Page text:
and small towns are a window onto the state of the nation


Three things you might not know

  1. By 2050, 70 percent of the world’s population will be urban.
  2. Urbanites are hyper-susceptible to stress and living in cities they can experience anxiety and mood disorders at much higher rates than non-city dwellers.
  3. Walmart destroyed 269 small towns when they announced in January 2016 the closing of stores that they had opened only ten years earlier, trumpeting a vision and strategy of fostering the economic growth of small towns.

(6 minute read)

“If we all love small towns – and surveys say that seven out of ten of us would live there if we could – why then are they ever more difficult to find? … why isn’t there such a town behind every tree? I mean, no one I know dreams of fast food chains and strip malls and yet the world is covered with them; hardly anyone dreams of endless suburbs and freeways, yet we’re chocking on the stuff. How did it happen that the things no one wants are burying us all, while the simple town we dream of we can seldom find?” – Ferenc Máté, The Wisdom of Tuscany.


Henry David Thoreau once said, “Instead of noblemen, let us have noble villages of men.” [I add, and many more women]. After writing that in 1845, he went to live on Walden Pond. Today, Thoreau and his writings capture the human desire for the simple life, for embracing rural and small town living. And Carl Jung found that from a psychological and anthropological standpoint, the hamlet or village is the ideal human habitation.[2]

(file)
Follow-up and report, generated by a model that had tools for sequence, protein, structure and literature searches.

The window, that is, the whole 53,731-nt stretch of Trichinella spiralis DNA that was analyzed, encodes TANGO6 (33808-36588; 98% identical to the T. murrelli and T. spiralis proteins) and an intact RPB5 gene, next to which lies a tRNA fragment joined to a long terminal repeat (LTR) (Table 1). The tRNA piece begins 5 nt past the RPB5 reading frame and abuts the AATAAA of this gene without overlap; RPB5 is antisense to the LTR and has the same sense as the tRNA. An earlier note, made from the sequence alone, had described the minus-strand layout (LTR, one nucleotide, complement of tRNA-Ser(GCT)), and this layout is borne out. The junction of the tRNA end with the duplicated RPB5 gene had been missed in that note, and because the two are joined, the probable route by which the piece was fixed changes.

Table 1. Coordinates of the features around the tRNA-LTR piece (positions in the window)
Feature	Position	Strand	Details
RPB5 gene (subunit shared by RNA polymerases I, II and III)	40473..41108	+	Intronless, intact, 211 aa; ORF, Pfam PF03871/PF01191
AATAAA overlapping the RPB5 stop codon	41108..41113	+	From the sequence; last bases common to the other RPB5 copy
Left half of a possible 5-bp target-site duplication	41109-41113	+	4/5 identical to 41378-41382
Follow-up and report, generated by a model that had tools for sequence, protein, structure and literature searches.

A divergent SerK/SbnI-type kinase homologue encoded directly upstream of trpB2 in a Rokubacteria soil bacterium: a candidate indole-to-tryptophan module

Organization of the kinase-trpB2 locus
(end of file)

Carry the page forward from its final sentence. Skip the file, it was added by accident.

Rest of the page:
But! We’re running the other way. Migration from rural communities to urban areas has been the story of the last century, and it continues unabated. In the US, in 2010, 80.7% of the population was living in urban areas and Canada is similar, at 81% (2011 census). Worldwide, the urban population is 54% but climbing to 66% by 2050. In 2014, John Wilmoth, Director of UN DESA’s Population Division stated, “Managing urban areas has become one of the most important development challenges of the 21st century. Our success or failure in building sustainable cities will be a major factor in the success of the post-2015 UN development agenda.”[3] Wilmoth should have read Jane Jacob’s 1961 book, The Death And Life Of Great American Cities, where she said basically the same thing, fifty years ago.

Obviously, the urban contagion remains the scorched-earth, growth policy of governments that build expressway jungles and mind-numbing chaos, which divides and conquers the human need for social interaction. And as big box stores eat up the remnants of everything small and independent, the hollowed-out main streets become testament to the utility of plywood as a substitute for vibrant shop windows.